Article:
Those two constant where evaluated with a 3D visualization program and the found values
           ◦                  ◦
are : 2.70 A for ”a” and 6.78 A for ”b”. Debye length (κ−1 ) is for a salt concentration of
0.1 M is 0.96 nm. With those parameters Λ is equal to 3.27 according to DH theroy.


Carbonate analysis in drinking water
Manual titration



                                  nH2 CO3 = nKOH − n1
                                                    HCl                                (3)
                                  nHCO− = n2 − nKOH
                                        3    HCl                                       (4)

The equations 3 and 4 will be derived with the titration curve (figure 5, 6 or 7).
Before the beginning of the titration, there is an equilibrium between the H2 CO3 and the
HCO− (pH 7) but we don’t know their concentration. To titrate the H2 CO3 in solution,
     3
we have to add a known amount of base to move the equilibrium where all the H2 CO3
has been deprotonated (pH base). To know the excess of KOH we put, we titrate the
solution with HCl until the equivalence point is reached.
In the end, we have nKOH = nH2 CO3 + nKOHexcess or nKOHexcess = n1 where n1 is the
                                                                     HCl        HCl
amount of HCl needed to reach the first point of equivalence so nKOH = nH2 CO3 + nHCl1 .
If you continue the titration with HCl until the second point of equivalence, you titrate
the HCO− that was initially present in the solution.
         3

n2 − n1 = nHCO− + nH2 CO3 where n2 is the amount of HCl needed to rach the second
 HCl    HCl        3               HCl
point of equivalence so n2 −(nKOH −nH2 CO3 ) = nHCO− +nH2 CO3 ↔ n2 −nKOH = nHCO−
                         HCl                       3             HCl            3




                                            4
                                          nKOH                     10−3               ±2.0 10−6        mol
                                          CHCl                      0.1               ±2.2 10−4        mol/l
                                            (1)
                                          VHCl                      7.5               ±7.5 10−2        ml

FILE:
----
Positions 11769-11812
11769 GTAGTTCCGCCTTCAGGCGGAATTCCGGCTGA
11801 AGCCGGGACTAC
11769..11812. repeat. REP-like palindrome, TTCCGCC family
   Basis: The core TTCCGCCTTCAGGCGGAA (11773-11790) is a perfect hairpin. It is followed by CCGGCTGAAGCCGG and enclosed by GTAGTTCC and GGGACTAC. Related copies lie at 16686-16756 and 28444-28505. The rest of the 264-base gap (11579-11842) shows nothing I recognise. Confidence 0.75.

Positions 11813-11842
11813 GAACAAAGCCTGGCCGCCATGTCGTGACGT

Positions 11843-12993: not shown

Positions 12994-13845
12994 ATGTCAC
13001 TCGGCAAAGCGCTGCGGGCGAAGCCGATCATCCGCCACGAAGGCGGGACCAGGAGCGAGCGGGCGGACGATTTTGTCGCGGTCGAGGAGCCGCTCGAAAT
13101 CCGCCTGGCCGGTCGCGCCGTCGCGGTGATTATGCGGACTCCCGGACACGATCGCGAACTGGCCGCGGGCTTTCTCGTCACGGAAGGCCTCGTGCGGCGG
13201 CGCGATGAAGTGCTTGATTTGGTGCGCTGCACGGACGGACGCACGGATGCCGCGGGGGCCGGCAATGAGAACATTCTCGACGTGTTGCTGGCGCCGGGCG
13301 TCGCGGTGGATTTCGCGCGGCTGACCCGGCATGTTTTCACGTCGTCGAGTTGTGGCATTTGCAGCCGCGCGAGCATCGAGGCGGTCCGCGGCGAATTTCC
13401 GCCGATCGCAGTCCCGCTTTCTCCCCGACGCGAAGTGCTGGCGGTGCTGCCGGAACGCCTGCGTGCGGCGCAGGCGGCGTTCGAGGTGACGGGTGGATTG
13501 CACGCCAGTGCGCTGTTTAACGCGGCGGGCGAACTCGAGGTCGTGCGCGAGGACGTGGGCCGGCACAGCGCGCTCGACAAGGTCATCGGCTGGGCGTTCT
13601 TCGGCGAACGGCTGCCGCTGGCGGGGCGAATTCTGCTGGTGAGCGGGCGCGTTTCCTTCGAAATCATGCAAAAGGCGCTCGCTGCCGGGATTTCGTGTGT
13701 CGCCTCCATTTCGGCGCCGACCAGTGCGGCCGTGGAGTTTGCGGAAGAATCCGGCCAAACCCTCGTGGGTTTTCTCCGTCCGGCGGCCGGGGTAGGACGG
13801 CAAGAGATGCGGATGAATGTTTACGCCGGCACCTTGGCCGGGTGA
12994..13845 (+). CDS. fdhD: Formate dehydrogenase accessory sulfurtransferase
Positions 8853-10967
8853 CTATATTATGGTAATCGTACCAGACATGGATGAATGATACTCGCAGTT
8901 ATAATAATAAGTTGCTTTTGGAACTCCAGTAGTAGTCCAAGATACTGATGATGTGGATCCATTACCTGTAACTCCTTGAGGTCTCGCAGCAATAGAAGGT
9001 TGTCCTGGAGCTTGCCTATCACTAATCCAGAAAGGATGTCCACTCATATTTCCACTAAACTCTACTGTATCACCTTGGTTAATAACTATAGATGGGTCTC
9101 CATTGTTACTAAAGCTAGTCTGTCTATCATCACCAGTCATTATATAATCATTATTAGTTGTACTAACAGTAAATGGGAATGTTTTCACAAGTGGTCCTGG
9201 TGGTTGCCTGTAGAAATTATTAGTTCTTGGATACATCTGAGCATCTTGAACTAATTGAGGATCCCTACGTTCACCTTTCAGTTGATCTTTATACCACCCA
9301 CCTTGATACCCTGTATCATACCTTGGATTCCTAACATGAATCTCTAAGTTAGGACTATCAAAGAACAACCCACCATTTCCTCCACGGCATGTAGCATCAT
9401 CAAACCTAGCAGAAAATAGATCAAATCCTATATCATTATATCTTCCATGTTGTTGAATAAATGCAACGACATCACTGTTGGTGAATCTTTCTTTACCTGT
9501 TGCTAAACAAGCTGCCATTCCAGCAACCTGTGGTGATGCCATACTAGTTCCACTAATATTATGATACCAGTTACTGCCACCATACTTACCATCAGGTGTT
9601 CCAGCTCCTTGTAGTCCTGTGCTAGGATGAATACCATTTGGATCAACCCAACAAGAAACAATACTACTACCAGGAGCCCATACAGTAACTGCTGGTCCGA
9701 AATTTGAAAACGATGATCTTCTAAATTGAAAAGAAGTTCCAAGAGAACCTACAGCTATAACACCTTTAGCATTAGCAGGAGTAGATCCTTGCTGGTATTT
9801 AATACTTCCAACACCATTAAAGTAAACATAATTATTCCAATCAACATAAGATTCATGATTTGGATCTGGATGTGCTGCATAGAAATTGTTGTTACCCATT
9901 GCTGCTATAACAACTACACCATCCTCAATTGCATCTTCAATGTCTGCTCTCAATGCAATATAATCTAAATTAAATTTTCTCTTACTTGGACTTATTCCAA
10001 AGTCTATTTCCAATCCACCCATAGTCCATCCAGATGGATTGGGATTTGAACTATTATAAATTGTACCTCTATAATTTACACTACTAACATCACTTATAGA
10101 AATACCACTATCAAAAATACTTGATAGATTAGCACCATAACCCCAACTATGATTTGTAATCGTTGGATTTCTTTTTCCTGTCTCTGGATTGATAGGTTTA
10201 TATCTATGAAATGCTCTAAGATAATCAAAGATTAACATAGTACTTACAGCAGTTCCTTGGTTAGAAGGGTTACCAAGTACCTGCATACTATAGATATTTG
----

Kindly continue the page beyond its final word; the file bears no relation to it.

(2)
                                          VHCl                     15.1               ±7.5 10−2        ml
                                           (1)
                                          nHCl                7.50 10−4               ±7.7 10−6        mol
                                           (2)
                                          nHCl                1.51 10−3               ±8.2 10−6        mol
                                          nH2 CO3             2.50 10−4               ±7.9 10−6        mol
                                          nHCO− 3
                                                              5.10 10−4               ±8.5 10−6        mol
                                          Veau                1.00 10−2               ±2.0 10−5        l
                                          CH2 CO3             2.50 10−2               ±8.0 10−4        mol/l
                                          CHCO−  3
                                                              5.10 10−2               ±1.0 10−3        mol/l
                                          CH2 CO3                  1550               ±51.64           mg/l
                                          CHCO−  3
                                                                  3111                ±60.30           mg/l

               Tab. 2 – Manual titration data analysis of carbonate species in Vichy water


Automatic titration

                          Vichy water titration                                                                   Evian water titration
      14                                                                                      14
                                                                 titration                                                                               titration
                                                              differential                                                                             differential
                                                            lorentzian fit                                                                           lorentzian fit
      12                                                                                      12



      10                                                                                      10



      8                                                                                       8
 pH




                                                                                         pH




                                                                             −3
                                                         14.97 ml ± 2.7 10
      6                                                                                       6



      4                                                                                       4
                               9.00 ml ± 7.9 10−3
                                                                                                              7.83 ml ± 1.8 10−2   13.72 ml ± 8.9 10−3
      2                                                                                       2



      0                                                                                       0
           0      2   4   6        8       10       12       14         16                         0      5                   10               15                    20
                              Volume HCl [ml]                                                                        Volume HCl [ml]


Fig. 5 – Titration curve of Vichy water with                                           Fig. 6 – Titration curve of Evian water with